Source: University of Waikato
In a year of surprises, one of the more pleasant was the recent runaway viral popularity of 19th century sea shanties on TikTok. A collaborative global response to pandemic isolation, it saw singers and musicians layering harmonies atop an original recording of Soon May the Wellerman Come by Scottish postie Nathan Evans.
Spread via TokTok and other social media, it has become the most popular song in the “ShantyTok” trend. What many fans possibly didn’t realise at first, though, was that the Wellerman shanty is an old New Zealand composition.
More than that, it is a window into an earlier era of global interconnection that shaped the social and economic history of our southern coasts.
The lyrics speak of men’s collective labour at sea. But behind the story of the whale hunt is one of cross-cultural interaction central to the success of the whaling industry, and critical in shaping the settlement of early 19th century New Zealand.
Whaling in the 19th century world
Whaling brought newcomers to Aotearoa New Zealand in significant numbers from the early 1800s. Once predominantly American-based crews had exploited Atlantic whale populations, they moved into the Pacific to seek new hunting grounds.
These men sought profit in the form of oil and bone. Whale oil provided industrial lubrication and lighting for growing cities in Europe and the US. Baleen from whale jaws was used in much the way plastic is now.
New Zealand was one of their destinations. The Wellerman shanty refers to the heyday of whaling in the South Island. The Sydney-based Weller brothers established their first whaling station at Ōtākou (Otago) in 1831.
They and others such as Johnny Jones oversaw stations ranging from a few households to nearly 100 residents. These new settlements were dotted around the southern coasts from the late 1820s, often located near the paths of migrating right whales.
Unlike deep-sea whaling in the Atlantic and northern Pacific, these newcomers practised shore-based whaling which required land to process the whales caught. The “tonguing” in the Wellerman lyrics refers to cutting strips of blubber to render into oil in large “try pots” — a challenging process aboard ship. The crew also required land on which to live and cultivate food.
Whalers in the Ngāi Tahu world
Newcomers had to negotiate access to coastal land and resources, and stayed for months, years, sometimes even decades. Because the industry was based on settlement rather than short refuelling stops, shore whaling fostered more intensive cross-cultural interactions in southern New Zealand than elsewhere in New Zealand or abroad.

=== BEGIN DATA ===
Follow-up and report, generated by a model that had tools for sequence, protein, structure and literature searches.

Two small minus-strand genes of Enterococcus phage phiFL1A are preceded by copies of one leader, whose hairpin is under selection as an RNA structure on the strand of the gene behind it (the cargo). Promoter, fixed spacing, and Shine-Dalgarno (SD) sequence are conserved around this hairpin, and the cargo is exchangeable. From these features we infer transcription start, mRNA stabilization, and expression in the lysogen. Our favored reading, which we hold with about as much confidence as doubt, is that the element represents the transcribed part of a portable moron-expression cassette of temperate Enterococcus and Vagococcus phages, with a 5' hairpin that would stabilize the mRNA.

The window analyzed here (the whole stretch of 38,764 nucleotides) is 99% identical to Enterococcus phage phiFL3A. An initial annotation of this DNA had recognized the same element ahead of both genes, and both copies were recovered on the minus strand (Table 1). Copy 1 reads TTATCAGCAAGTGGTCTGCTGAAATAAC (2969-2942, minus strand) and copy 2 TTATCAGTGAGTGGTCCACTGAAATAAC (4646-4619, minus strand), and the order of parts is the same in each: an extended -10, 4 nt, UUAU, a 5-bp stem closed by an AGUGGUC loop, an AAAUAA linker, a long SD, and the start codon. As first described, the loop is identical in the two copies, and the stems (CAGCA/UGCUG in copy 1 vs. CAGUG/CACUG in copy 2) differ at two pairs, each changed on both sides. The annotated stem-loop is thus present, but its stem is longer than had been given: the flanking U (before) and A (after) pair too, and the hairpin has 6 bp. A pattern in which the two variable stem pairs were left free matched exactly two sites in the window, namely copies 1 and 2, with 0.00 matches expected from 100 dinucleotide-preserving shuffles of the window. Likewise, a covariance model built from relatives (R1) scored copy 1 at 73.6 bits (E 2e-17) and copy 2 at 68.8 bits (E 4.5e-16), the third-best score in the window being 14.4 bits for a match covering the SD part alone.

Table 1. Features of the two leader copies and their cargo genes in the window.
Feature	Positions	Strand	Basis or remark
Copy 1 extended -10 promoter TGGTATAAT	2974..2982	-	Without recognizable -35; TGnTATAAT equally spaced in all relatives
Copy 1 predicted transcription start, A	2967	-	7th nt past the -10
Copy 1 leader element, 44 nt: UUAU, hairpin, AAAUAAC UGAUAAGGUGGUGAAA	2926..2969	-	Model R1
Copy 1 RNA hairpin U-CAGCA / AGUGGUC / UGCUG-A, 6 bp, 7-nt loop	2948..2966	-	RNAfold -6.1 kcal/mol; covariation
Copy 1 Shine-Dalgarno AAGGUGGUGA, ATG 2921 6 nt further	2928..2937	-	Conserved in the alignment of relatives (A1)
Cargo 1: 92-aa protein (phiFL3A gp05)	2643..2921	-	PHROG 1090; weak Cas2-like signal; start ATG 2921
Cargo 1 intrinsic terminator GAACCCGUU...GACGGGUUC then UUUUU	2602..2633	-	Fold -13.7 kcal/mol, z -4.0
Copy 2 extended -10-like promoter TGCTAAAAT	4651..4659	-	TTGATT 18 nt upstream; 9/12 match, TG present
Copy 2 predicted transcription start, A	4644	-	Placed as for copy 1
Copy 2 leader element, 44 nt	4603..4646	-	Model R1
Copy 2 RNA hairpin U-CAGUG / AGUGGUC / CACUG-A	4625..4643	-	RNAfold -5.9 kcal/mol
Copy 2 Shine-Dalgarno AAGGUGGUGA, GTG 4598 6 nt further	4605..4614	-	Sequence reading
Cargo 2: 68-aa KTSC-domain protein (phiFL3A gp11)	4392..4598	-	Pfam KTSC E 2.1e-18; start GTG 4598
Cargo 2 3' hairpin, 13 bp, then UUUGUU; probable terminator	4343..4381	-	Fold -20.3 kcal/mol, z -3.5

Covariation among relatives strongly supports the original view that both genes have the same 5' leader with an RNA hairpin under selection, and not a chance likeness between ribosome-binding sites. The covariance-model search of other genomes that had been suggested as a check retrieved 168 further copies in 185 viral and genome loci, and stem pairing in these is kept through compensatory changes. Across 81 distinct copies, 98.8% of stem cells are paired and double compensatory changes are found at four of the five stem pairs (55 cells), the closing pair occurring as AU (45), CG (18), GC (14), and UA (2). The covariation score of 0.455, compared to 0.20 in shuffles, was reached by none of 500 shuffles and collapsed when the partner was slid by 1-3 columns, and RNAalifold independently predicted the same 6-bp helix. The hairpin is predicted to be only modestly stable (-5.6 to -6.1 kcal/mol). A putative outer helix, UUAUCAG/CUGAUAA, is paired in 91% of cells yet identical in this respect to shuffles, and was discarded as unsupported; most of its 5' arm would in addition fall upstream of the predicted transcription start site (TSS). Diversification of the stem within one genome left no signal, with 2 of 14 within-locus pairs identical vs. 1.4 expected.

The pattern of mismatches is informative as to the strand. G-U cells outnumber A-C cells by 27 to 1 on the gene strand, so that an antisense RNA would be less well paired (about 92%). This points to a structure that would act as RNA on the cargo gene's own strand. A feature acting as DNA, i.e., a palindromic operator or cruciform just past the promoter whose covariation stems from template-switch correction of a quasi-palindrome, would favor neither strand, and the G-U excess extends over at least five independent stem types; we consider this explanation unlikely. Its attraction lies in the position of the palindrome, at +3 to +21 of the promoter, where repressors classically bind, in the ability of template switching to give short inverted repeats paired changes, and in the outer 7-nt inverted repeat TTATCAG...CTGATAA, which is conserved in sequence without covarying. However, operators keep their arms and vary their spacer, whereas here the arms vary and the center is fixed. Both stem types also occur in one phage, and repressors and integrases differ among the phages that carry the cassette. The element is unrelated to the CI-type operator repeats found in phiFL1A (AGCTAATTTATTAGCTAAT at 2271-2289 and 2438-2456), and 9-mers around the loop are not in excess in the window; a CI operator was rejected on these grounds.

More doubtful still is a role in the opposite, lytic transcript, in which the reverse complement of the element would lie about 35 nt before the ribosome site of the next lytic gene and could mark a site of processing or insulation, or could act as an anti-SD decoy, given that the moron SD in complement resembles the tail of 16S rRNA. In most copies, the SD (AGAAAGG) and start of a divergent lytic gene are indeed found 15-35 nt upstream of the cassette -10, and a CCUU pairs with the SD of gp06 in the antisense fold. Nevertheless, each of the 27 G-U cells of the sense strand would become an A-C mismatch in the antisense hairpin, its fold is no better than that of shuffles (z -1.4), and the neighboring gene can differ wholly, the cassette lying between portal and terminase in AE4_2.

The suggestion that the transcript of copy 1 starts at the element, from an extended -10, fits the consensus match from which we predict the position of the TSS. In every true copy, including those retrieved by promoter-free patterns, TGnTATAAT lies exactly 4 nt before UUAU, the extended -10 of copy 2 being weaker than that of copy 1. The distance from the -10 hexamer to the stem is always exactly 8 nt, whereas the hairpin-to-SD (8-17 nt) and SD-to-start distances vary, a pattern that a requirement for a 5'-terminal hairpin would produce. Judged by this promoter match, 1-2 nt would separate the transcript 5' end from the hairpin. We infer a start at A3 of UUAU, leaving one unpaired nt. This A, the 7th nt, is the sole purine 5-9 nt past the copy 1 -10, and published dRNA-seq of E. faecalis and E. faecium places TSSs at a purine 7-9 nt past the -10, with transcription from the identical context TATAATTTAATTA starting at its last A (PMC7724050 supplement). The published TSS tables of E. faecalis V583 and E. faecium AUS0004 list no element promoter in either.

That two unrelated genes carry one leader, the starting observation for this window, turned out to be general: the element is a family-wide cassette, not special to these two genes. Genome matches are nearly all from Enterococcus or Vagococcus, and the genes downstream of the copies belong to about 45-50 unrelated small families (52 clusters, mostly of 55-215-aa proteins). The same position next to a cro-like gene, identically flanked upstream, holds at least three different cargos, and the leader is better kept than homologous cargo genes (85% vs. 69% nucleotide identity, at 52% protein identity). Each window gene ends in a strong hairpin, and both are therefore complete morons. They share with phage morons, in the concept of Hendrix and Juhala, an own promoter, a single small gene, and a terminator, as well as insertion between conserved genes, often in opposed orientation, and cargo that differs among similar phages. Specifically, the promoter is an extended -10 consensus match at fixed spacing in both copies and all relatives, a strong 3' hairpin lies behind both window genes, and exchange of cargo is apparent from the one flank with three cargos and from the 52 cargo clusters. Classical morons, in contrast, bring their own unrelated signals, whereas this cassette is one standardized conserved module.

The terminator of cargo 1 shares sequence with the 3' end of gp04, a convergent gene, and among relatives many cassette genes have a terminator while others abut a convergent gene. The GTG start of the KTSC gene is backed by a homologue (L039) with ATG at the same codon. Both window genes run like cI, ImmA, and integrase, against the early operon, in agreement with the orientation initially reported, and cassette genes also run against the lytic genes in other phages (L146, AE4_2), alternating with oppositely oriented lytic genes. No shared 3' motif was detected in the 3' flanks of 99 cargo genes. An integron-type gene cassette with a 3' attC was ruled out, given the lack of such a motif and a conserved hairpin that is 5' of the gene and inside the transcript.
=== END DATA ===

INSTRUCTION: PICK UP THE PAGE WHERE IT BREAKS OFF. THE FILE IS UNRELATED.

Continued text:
Differing cultural expectations and miscommunication occasionally led to violence. More often, however, Ngāi Tahu and newcomers negotiated a relationship of mutual benefit. Whaling connected Ngāi Tahu to the global economy in the early 19th century, providing new and sometimes mana-enhancing opportunities for trade, employment, and travel.
At the same time, Ngāi Tahu communities sought to incorporate whaling men into the rights and responsibilities of whanaungatanga (relations, connectedness). Intimate relationships and marriage were key features of this process, as historian Angela Wanhalla has shown.
Over 140 men had married Māori women in southern New Zealand by 1840, with these couples producing over 500 children. Edward Weller himself married Paparu, daughter of Tahatu and Matua. After her early death, Weller remarried Nikuru, daughter of rangatira (chief) Taiaroa, but left New Zealand without his wife and daughters after the Otākou station’s closure in 1841.
Ngāi Tahu in the whaling world
Many whaling stations became kin-based economies, with mixed families central to the labour and prosperity of both ship and station. As wives and partners, Ngāi Tahu women produced the food that sustained the station and supplemented the business of whaling.
While the Wellerman shanty’s “sugar and tea and rum” were imported as rations, potatoes, flax and pigs were locally produced, consumed, and exported for profit alongside whale oil and bone. Male relations also frequently worked in the industry, either on shore or as whaling crew.
Marriage also provided newcomers with access and ties to the land through their Ngāi Tahu whānau. Whaling captain John Howell’s first marriage to Kohikohi, the daughter of rangatira Horomona Patu, gave him access to 50,000 acres near Riverton.
This right to land for stations and settlement was based on principles of kaitiakitanga (guardianship). But in later decades the colonial government caused land dispossession through conversion to individual titles and Crown purchases.
As the whaling industry declined from the 1840s, some whalers (like Edward Weller) proved transient visitors. Many others, like Howell, remained with their families, though most were not as wealthy.
Former whalers turned to fisheries, agriculture and trade. Their mixed communities formed the basis for settlements around the southern region: Bluff, Riverton, Moeraki, Taieri, Waikouaiti.
These early and intense interactions had a lasting legacy in Ngāi Tahu’s whakapapa (genealogy) and collective identity. The sustained contact between Ngāi Tahu and whalers also complicates the myth of whaling as simply a transient and masculine pursuit.
Whaling was indeed a gendered industry; crew were almost exclusively male. But they were also diverse. Native American, Aboriginal Australian and Pacific Islanders all found opportunities aboard ship and in New Zealand alongside Māori and Europeans.
Many of them, we must assume, would have sung or heard shanties like Soon May the Wellerman Come — though none might have expected their descendents in the 21st century to be humming them too.